I don’t know, Spencer, someday you may ask a woman to marry you.  She may say Spencer, before I answer that question I want to Google your genes and find out what I’m really getting myself into. 

If somebody wants to project ahead and find out what’s going on in terms of your genes.  It’s exciting and I think Google, the search engine turns out to be a pretty perfect match for the human genome in terms of identifying a lot of needles in a haystack, and this work is going on very carefully at Google now.  Sergey Brin’s action is moving toward an era at the intersection of technology, medicine and science.  Larry Page’s passion is tearing down the walls of libraries, making all of the world’s books available.  Google’s mission is to organize all of the world’s information and make it universally accessible.

So we learn from them, too, that having a clear mission statement that’s very ambitious is a great motivator, so Google is in the process right now digitizing millions of books at Harvard, Stanford, University of Michigan, the New York Public Library, and Oxford.  This company didn’t exist eight years ago. Someday soon scholars from all over the world will be able to tap into all these Ph.D. theses, all these books, all this material, and the walls of libraries…and the times libraries are open and closed, the physical locations of libraries won’t matter.  It will all be available to people right on a computer.  And it also means that a person who is poor or lives in a really rural area who has never had access to a decent library and decent books suddenly is going to be able to get access to all of this.

I think all of this can only make the world a better place.  Sharing and spreading of human knowledge.  And Google is very aware that the Internet is a young medium, and so there’s  a lot of valuable information.  Most of the information that’s valuable in the world is not online because, for example, with books, they’ve been written over hundreds and hundreds of years, long before the Internet ever existed, so they’re investing in making these digital copies of books available.

There are some lawsuits and other things over how to divvy up the rights or who has copyright protection and this and that, but by and large they’re moving forward and it’s going to change the world in a dramatic sense.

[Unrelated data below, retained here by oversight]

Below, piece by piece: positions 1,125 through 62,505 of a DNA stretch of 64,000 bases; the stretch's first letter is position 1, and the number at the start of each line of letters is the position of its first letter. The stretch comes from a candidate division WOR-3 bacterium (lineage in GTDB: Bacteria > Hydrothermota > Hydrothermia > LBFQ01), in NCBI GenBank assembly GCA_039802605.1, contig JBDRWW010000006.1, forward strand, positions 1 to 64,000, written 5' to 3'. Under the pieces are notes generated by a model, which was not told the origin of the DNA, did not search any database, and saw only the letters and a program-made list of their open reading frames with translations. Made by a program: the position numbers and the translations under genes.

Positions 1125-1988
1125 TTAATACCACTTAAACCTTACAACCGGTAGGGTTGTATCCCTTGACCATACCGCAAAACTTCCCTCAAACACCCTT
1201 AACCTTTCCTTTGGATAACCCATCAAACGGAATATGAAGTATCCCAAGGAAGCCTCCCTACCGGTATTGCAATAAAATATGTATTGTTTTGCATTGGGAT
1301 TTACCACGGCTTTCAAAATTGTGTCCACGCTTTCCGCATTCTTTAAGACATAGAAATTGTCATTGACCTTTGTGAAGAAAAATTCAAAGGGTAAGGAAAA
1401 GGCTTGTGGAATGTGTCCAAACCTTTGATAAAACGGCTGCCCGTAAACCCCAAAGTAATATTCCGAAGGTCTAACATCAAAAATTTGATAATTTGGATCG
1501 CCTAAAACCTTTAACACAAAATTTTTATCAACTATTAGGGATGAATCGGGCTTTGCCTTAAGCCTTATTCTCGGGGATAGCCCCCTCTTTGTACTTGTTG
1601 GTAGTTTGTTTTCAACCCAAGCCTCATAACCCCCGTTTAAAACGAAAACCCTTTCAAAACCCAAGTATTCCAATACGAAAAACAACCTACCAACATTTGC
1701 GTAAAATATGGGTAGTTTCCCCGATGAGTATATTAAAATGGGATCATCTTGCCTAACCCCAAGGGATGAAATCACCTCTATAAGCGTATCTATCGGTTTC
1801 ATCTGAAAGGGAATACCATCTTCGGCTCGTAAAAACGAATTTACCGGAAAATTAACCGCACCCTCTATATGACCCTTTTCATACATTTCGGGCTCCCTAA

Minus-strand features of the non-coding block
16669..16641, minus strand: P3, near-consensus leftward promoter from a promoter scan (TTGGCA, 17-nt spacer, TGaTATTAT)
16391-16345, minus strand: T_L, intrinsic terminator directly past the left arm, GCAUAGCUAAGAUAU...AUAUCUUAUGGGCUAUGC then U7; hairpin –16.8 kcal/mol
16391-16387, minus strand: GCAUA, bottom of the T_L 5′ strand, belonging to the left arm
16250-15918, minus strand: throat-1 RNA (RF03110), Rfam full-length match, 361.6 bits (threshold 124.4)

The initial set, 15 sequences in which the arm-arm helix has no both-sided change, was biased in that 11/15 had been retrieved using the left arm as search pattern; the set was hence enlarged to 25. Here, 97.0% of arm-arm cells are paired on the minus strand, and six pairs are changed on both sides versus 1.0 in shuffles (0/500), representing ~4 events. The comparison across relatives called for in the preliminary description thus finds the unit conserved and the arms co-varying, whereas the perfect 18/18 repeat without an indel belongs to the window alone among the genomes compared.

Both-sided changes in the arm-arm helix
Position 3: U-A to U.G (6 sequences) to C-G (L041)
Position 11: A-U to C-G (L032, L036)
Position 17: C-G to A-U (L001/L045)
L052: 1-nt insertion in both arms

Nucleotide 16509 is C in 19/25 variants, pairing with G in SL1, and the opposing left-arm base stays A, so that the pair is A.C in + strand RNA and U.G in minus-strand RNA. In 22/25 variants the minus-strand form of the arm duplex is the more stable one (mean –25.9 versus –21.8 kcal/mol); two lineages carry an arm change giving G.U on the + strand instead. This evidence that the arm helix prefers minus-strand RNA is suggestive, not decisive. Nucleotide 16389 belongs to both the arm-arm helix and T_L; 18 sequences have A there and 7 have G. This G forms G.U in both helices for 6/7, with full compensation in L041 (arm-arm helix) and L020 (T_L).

I agree.  Are there other ways Google could be used to better the world?

Mr. Vise

I think these guys have created a way for people to access information instantly about topics, and I think the spread of information and making information more valuable helps healthy functioning societies and economies operate.  I think it will draw people around the world closer together rather than making them further apart, because I think it will deepen people’s understanding of the world. 

They formed a charitable foundation called Google.org, and Brin and Page say they hope that the importance and significance influence of Google.org will some day eclipse Google itself, and they’ve already committed a billion dollars to all kinds of endeavors to fight illness and hunger and disease, and help create jobs around the world. 

There’s a lot of good that can come out of the Googleplex, which is the name of the headquarters that the company has in Silicon Valley.  They call themselves Googlers and they call the new employees who work there Newglers.

Google, itself, correctly spelled is GOOGOL and it’s an infinitely large number.  It’s the number one followed by one hundred zeroes, and they spelled it wrong actually.


So it’s a lot easier to spell than it really is.

Mr. Vise

But actually what happened was they spelled it wrong.  They were trying to find a name for the company and one of their officemates at Stanford recommended Googol and Larry Page types Googol.com, and it was available as a domain name, so he wrote it on the white board and he was very excited, and the next morning someone came in and said you dummy, you spelled it wrong.  It’s Google.  It’s a mathematical term of something infinitely large. 

They wanted a name that sounded like Amazon or Yahoo, they wanted something big.

So anyway they spelled it wrong and it turned out for the best.


Yes, it’s a lot easier to spell it this way.  Does the Internet change the way we think about our privacy?  For example, at a touch of a button, we can see a satellite photo of anyone’s house and property.  It this a good thing?

Mr. Vise

I think it depends on how people use the information.  Like anything else, we could talk about technology and it can be used for good and it can be used for evil.  On balance, I think, having more information available rather than less at our fingertips is a good thing.  I think that people need to remember, though, that virtually anything they type into a computer anywhere at any time can be retrieved, and so if you have any deep, dark secrets that you want to keep from the world, I don’t suggest putting them into an email or an instant message.